At the end of my twenties, I found myself switching careers—from being an illustrator to an advertising writer. The pay was better and steadier, and the lure of using my brain in different ways, coupled with my love of culture and words, made marketing a surprisingly good fit. However, in the early 1990s, my two-year honeymoon period was cut short by my first layoff.
“Heard you got laid off,” a fellow writer with tufts of gray hair in his beard said, standing over my desk, as I stuffed boxes with books and ad samples.
“Congratulations, Jenine, now you’re in advertising.”
Sid Meltzer’s words served as an epiphany: In the long run, I realized, advertising would not be there for me, so I’d better start looking out for myself.
And, in my exit interview, I discovered that squirreling away the minimum amount to receive a matching company contribution into my retirement account, 5%, meant I’d leave the agency with more than my dignity: If memory serves, after two years on staff, the check amounted to around $5,000.
Thanks to the largesse of my parents, and sound advice from the HR rep that day, I did not cash out that retirement account check as many of my other fellow axed coworkers did. I understood the tax liability of that move. Instead, I rolled it into a fresh 401(k) account.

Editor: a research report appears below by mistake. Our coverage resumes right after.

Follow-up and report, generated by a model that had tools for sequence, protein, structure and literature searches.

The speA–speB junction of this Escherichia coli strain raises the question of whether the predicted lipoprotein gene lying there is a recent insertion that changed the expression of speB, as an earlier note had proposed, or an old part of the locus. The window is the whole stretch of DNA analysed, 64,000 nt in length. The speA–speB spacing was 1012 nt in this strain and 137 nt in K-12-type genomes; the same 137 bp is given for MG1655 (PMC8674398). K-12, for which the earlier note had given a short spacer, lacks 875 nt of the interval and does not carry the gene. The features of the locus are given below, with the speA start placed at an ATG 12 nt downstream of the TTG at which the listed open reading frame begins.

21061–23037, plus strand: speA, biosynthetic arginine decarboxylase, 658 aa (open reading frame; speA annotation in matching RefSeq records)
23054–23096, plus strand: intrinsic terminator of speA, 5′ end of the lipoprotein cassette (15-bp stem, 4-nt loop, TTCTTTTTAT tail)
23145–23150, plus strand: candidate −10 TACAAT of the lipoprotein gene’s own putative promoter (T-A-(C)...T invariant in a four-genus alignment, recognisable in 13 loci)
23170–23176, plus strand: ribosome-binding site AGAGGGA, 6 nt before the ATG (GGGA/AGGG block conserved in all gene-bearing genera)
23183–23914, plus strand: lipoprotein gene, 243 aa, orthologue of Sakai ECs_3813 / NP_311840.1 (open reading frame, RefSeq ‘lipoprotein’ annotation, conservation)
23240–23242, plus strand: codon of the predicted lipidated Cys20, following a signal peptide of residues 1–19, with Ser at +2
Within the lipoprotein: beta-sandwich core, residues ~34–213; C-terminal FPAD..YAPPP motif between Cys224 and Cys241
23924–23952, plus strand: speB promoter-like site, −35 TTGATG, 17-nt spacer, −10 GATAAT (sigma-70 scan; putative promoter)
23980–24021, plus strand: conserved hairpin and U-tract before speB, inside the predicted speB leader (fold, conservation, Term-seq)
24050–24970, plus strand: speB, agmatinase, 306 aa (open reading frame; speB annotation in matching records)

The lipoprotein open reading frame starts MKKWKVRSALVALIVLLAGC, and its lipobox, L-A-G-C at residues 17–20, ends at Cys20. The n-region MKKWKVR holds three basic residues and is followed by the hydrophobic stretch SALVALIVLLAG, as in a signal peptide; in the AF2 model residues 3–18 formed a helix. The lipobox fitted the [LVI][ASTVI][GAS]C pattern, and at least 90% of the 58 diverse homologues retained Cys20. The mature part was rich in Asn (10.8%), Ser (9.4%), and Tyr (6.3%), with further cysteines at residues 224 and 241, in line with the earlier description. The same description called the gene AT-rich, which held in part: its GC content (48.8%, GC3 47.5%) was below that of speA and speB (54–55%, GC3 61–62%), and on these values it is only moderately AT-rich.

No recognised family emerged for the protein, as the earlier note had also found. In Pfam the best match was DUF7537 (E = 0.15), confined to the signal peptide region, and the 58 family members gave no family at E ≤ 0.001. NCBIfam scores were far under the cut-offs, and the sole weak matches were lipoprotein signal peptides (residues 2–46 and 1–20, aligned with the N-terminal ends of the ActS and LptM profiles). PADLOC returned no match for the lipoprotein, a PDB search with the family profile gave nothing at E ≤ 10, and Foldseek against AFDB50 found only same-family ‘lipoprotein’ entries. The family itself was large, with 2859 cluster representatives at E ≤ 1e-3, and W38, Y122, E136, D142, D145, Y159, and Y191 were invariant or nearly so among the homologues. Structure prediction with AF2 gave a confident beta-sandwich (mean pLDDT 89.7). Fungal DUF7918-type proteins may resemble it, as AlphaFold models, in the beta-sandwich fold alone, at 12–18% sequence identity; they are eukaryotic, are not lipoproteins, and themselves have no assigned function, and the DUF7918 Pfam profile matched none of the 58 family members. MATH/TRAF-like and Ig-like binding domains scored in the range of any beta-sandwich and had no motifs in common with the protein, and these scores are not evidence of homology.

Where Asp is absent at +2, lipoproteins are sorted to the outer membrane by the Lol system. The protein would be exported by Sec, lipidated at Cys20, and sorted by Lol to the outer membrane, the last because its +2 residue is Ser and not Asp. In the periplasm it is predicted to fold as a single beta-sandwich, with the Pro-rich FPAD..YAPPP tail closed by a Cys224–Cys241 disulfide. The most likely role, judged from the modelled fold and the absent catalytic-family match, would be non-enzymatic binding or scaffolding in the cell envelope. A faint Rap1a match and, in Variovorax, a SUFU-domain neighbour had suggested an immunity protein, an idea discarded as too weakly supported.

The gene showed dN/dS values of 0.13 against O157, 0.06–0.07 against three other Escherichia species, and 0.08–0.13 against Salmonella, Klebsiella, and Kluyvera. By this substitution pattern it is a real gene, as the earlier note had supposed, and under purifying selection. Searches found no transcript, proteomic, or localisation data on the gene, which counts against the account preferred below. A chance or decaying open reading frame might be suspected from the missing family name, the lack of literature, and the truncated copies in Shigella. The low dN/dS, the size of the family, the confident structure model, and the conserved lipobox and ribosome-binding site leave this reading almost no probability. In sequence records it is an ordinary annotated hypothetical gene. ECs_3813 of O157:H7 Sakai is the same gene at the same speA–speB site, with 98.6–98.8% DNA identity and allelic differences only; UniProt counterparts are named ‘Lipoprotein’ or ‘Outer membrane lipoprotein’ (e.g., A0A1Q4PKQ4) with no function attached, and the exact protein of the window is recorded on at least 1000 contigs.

My Thirties: A Retirement Wake-Up Call
After that layoff, I freelanced for three years. With periods of work, followed by periods of drought, rather than invest in a closet full of Jimmy Choos, as a few of my girlfriends did, I kept to my cowboy boots, and I saved my money. After a few years my savings reached $20,000. In the mid-to-late 1990s, the country was still living a glamorous life. Meanwhile, I lived a freelancer’s reality, and, in my first year, I began to see retirement with new eyes too.
“If you sock some of your savings into a SEP IRA account,” my accountant advised, "you’d reduce your tax liability.” With that I learned to make saving for retirement into a hedge against a higher tax bill, while creating a foundation for my future. My deposits ranged from $5,000 to $10,000 each year for three years. Sure, it hurt. But as Wendy my accountant asserted, “It hurts less to pay yourself, right?”
Real Estate as a Retirement Hedge
With the purchase of my first home, I started thinking about money on a whole different level. I was lucky enough to purchase an apartment in the late 1990s in New York City, while an average down payment was still 10%, making my mortgage payment a little more than my previous monthly rent. Yet, it took my dentist to point out the value of homeownership in relation to retirement.